NEW: Silicon Valley Bank Sued by Shareholders For Securities Fraud

Silicon Valley Bank was hit with its first securities lawsuit on Monday.

Silicon Valley Bank was shut down by regulators on Friday in the biggest bank failure since the 2008 liquidity crisis.

SVB reportedly held $173 billion in deposits.

The Fed interest rate is at 4.57% and $117 billion of Silicon Valley Bank’s mortgage-backed securities were yielding only 1.56-1.66% – this caused a run on the bank.

By Friday Silicon Valley Bank was in FDIC receivership.

The Treasury and FDIC announced that all depositors of Silicon Valley Bank will have access to their money.

The shareholders however have just now filed a securities fraud lawsuit.

Shareholders filed a class action lawsuit against SVB on Monday arguing they were never warned about the risks to its business model, Bloomberg reported.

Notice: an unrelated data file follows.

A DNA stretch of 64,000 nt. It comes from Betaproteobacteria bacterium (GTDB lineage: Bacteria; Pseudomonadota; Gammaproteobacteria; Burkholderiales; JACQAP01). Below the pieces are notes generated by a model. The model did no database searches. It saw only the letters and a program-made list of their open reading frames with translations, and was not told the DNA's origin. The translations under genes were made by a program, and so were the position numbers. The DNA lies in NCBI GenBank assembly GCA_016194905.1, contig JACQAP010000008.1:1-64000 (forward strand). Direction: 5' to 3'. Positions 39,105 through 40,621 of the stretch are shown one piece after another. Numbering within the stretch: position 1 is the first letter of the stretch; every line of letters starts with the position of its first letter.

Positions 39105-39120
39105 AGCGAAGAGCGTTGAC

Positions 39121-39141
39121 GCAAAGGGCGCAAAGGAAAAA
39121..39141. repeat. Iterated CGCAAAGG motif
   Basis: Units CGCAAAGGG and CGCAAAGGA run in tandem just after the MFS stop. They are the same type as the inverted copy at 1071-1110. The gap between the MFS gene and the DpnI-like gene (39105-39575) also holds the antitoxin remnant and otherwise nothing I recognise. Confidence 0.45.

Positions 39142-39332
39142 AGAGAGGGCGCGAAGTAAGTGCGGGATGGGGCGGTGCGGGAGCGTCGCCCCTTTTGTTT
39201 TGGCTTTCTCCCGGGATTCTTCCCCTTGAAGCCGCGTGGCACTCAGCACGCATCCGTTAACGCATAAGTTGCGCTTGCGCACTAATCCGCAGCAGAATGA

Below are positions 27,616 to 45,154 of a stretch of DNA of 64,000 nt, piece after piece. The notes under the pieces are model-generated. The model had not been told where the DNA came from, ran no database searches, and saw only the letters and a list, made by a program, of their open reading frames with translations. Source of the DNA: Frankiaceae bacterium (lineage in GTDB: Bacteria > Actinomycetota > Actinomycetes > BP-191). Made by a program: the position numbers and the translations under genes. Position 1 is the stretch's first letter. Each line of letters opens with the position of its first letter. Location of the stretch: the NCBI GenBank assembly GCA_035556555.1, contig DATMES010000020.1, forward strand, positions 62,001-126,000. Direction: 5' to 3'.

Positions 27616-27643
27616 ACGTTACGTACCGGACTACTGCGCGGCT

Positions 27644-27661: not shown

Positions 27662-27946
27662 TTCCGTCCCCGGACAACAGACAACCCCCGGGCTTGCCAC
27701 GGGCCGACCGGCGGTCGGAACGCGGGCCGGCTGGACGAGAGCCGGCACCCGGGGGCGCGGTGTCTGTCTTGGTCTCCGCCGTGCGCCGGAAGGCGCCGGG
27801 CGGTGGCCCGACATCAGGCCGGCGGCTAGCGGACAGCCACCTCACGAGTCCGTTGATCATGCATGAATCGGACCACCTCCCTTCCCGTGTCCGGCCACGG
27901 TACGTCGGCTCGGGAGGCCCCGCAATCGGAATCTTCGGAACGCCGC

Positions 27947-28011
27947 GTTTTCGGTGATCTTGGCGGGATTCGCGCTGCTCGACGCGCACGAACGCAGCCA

Bloomberg reported:

Silicon Valley Bank was hit with its first of what will likely be many securities-fraud lawsuits by shareholders, accused of failing to warn of risks to its business model.

The securities class action was filed on behalf of Chandra Vanipenta, who bought SVB shares at what he argues were artificially inflated prices due to false statements made by SVB Chief Executive Officer Greg Beckerand Chief Financial Officer Daniel Beck.

SVB Financial Group, the bank’s parent, filed multiple quarterly reports over the last two years that failed to disclose the risk that interest rate hikes posed to the bank, according to the complaint filed Monday in federal court in San Jose, California.

The public statements “understated the risks posed to the company by not disclosing that likely interest rate hikes, as outlined by the Fed, had the potential to cause irrevocable damage to the company,” according to the complaint.

Photo of author
Cristina began writing for The Gateway Pundit in 2016 and she is now the Associate Editor.

You can email Cristina Laila here, and read more of Cristina Laila's articles here.


Thanks for sharing!